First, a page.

They can tell you lots of things. If you have some right and some more light they can tell of more serious things like with split manifolds that feed off different carb barrels one jet may be clogged and another free giving a light color on the ones feeding from the clogged barrel...
On the other hand if the two middle ones are white and the two outers darker and you are loosing a little coolant you may have a head gasket leaking and the coolant washing the plugs white.
Last but not least if you have a non clear filter, cut it open and see what it looks like inside, rust can also get past the filter if very fine and get under the rubber on the needle seat and prevent it from closing allowing the fuel level in the bowl to raise and therefore run rich, some electric fuel pumps have too high pressure to begin with and will push the needle off seat anyways, a simple pressure regulator set to about 3 1/2 pounds will correct this if you find nothing else wrong.
Another thing is if the venturi size is too large for the ammount of air your engine is flowing, there will be no velocity of the air through the center which by the way is how a carb regulates how much fuel to give...but being a 345 I don't think that would be the problem. Have you had this prob ever since you got this carb?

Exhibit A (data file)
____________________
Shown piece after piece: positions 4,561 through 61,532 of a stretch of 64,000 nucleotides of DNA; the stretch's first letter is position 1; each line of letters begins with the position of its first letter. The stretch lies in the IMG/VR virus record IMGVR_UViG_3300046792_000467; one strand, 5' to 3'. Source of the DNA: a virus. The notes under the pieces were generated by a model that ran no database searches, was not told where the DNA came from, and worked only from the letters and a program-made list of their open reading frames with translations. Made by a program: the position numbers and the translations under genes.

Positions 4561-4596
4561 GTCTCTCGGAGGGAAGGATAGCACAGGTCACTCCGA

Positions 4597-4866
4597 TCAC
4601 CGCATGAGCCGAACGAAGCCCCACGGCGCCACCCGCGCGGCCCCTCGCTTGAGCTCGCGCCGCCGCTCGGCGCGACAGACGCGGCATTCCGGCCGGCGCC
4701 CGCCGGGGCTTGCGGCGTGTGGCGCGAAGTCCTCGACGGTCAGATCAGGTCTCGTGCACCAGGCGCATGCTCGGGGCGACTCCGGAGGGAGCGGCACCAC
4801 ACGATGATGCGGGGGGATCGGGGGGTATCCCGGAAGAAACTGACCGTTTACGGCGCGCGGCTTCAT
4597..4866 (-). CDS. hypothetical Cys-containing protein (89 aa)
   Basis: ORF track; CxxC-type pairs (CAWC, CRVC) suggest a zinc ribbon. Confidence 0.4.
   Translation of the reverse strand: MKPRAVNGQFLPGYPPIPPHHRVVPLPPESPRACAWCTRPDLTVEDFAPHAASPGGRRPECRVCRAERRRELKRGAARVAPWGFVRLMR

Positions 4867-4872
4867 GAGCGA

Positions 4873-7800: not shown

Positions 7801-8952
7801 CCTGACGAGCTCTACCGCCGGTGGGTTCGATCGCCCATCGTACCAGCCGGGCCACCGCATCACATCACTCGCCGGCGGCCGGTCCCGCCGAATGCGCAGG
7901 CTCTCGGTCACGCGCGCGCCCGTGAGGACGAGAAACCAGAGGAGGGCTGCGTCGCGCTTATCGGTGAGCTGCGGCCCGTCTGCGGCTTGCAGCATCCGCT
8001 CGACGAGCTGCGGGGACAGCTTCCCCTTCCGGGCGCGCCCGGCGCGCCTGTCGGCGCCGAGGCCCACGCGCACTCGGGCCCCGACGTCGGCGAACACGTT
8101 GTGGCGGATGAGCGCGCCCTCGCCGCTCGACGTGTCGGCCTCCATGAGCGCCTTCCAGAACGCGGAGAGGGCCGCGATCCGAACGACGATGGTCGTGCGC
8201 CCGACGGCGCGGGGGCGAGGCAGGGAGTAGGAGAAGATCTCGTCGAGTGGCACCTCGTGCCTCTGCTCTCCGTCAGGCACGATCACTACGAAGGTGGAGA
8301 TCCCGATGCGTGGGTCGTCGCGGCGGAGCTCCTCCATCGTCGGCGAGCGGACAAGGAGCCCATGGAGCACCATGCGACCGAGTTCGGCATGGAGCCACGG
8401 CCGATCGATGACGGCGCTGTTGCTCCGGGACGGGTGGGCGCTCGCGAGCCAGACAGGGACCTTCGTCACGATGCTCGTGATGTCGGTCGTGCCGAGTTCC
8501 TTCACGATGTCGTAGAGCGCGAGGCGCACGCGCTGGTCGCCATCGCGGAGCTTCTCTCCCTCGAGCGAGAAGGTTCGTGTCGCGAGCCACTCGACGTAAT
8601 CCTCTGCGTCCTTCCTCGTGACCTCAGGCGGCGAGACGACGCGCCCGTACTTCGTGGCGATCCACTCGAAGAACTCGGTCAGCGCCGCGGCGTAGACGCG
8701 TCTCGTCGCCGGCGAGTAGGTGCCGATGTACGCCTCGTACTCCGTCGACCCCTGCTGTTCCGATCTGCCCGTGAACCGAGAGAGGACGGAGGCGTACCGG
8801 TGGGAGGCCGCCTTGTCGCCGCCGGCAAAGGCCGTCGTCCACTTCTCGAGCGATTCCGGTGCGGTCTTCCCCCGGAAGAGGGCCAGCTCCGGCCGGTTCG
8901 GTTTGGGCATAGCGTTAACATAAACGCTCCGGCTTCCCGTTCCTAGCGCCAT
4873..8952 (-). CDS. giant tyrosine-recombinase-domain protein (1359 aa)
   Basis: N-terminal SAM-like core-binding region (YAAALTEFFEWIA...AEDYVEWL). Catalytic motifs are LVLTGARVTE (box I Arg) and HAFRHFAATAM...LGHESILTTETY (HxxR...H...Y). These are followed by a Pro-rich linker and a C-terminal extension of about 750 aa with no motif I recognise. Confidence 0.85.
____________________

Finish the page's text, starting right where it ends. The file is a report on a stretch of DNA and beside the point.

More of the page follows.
I need somemore info but I'll help ya get it straight [img]images/graemlins/blush.gif[/img])
Just noticed it was a scout II, may not have the drain on the tank bottom, check the filter...
Look here also
post #5 of (permalink) Old 08-24-2003, 07:16 PM
Posts: n/a
Re: Let\'s try again

Thanks a lot. I really appreciate the info.
I forgot to say that one of the biggest symptoms was that it ran solid first thing in the morning until it warms up. That's when the problem occurs. Some one was saying it could be the egr valve because of this but I'm pretty sure I'm pretty sure I have it plugged. What do you think?
As for backfiring in the carb. I'm not really sure how to tell. When i'm off the throttle going down hill you can hear backfiring from the front of the car.(exhaust?)
I'll check the plugs, and the rest as soon as possible. Once again thanks for all the help!!
drewd [img]images/graemlins/40BEER.gif[/img]
Sponsored Links

Quick Reply

Register Now

In order to be able to post messages on the Off-Road Forums & Discussion Groups forums, you must first register.
Please enter your desired user name, your email address and other required details in the form below.

User Name:
Please enter a password for your user account. Note that passwords are case-sensitive.


Confirm Password:
Email Address
Please enter a valid email address for yourself.

Email Address:


Thread Tools
Show Printable Version Show Printable Version
Email this Page Email this Page
Display Modes
Linear Mode Linear Mode

Posting Rules  
You may not post new threads
You may not post replies
You may not post attachments
You may not edit your posts

BB code is On
Smilies are On
[IMG] code is On
HTML code is Off
Trackbacks are On
Pingbacks are On
Refbacks are On

For the best viewing experience please update your browser to Google Chrome